Which Business Incubator Is Best?

A few well-known business incubator initiatives are Y Combinator, TechStars, Excelerate Labs, and 500 Startups.

How Do Business Incubators Make Money?

The majority of the time, incubators operate on a fee basis rather than acquiring an equity part in the firm. At this point, incubators receive funding from entities like universities or local governments. For-profit incubators, on the other hand, will seek to receive shares in the business in return for their assistance or startup funding.

Who Runs Business Incubators?

Economic development agencies fund around one-third of company incubator programs. Governmental organizations (such as counties or cities) make up 21% of program sponsors. Another 20% are supported by academic institutions, such as universities, technical institutes, and two- and four-year colleges.

What Is the Goal of Business Incubators?

The aim of business incubators is to offer required assistance, financial support, and technical services to startups. They also aid in the development and expansion of young businesses.

In Conclusion,

Regardless of the company model, a business incubator offers a variety of help to fledgling enterprises at various phases of development. The incubator’s role is to provide the start-up business with a variety of services and expertise at no cost in order to aid in its recovery. It might begin by creating the business concept and work toward commercializing it.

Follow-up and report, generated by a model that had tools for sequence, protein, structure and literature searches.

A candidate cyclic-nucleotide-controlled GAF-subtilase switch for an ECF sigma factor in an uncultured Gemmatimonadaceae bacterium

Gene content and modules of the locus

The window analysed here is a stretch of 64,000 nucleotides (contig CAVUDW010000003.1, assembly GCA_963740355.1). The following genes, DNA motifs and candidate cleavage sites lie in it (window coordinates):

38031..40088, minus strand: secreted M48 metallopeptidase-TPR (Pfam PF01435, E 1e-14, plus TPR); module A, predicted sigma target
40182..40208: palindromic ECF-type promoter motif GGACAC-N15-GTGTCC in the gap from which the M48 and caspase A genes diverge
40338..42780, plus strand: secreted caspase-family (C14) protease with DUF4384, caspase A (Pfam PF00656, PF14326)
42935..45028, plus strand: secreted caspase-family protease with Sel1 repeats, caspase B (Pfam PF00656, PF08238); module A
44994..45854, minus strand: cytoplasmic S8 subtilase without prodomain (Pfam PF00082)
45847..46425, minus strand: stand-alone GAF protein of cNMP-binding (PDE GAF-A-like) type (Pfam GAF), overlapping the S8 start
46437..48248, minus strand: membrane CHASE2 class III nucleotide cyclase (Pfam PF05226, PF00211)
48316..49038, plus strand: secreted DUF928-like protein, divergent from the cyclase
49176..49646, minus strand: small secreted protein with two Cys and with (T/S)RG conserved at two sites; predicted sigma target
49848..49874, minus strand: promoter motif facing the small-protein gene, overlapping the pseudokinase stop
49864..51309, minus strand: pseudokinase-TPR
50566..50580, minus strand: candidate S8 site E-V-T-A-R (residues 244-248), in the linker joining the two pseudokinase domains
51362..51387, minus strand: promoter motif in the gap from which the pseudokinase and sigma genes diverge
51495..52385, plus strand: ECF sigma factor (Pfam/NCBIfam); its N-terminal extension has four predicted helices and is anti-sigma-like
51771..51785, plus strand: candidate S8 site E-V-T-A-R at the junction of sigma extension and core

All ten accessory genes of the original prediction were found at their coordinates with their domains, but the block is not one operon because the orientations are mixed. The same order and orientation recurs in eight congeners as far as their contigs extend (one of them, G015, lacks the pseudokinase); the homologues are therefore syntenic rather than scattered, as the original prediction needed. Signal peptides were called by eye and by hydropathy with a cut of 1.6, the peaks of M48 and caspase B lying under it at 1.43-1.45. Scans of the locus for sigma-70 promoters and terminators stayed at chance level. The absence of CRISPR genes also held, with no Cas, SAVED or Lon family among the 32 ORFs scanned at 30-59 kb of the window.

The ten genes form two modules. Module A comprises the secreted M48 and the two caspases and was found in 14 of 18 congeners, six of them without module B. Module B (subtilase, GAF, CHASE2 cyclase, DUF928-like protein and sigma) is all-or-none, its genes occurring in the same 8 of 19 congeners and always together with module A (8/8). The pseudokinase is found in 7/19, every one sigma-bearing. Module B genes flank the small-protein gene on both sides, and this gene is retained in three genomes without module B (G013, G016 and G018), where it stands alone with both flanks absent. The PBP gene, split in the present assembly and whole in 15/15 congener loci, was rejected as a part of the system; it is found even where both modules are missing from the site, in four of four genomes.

What is a benefit of business incubators?

Business incubators provide a lot of benefits to startups businesses and entrepreneurs. The incubation process enables business owners to protect their cash and obtain outside assistance to hasten the growth of their enterprises. The Enterprise Center recognizes each entrepreneur’s individuality through business incubation and provides support and specialized services to enhance each business’ potential.

What are the 3 key factors that make a good business incubator?

The current study’s empirical findings support the theory that the success of business incubators is strongly correlated with three key factors: the availability and accessibility of outside financial resources, the strength of social and professional networks, and internal strength, including resources and capabilities.

How do incubators help startups?

A startup’s growth from an early-stage idea to a self-sufficient business is assisted by an incubator company. Office space, administrative tasks, education and mentoring, access to investors and funding, idea generating, and other services are all supplied by incubators.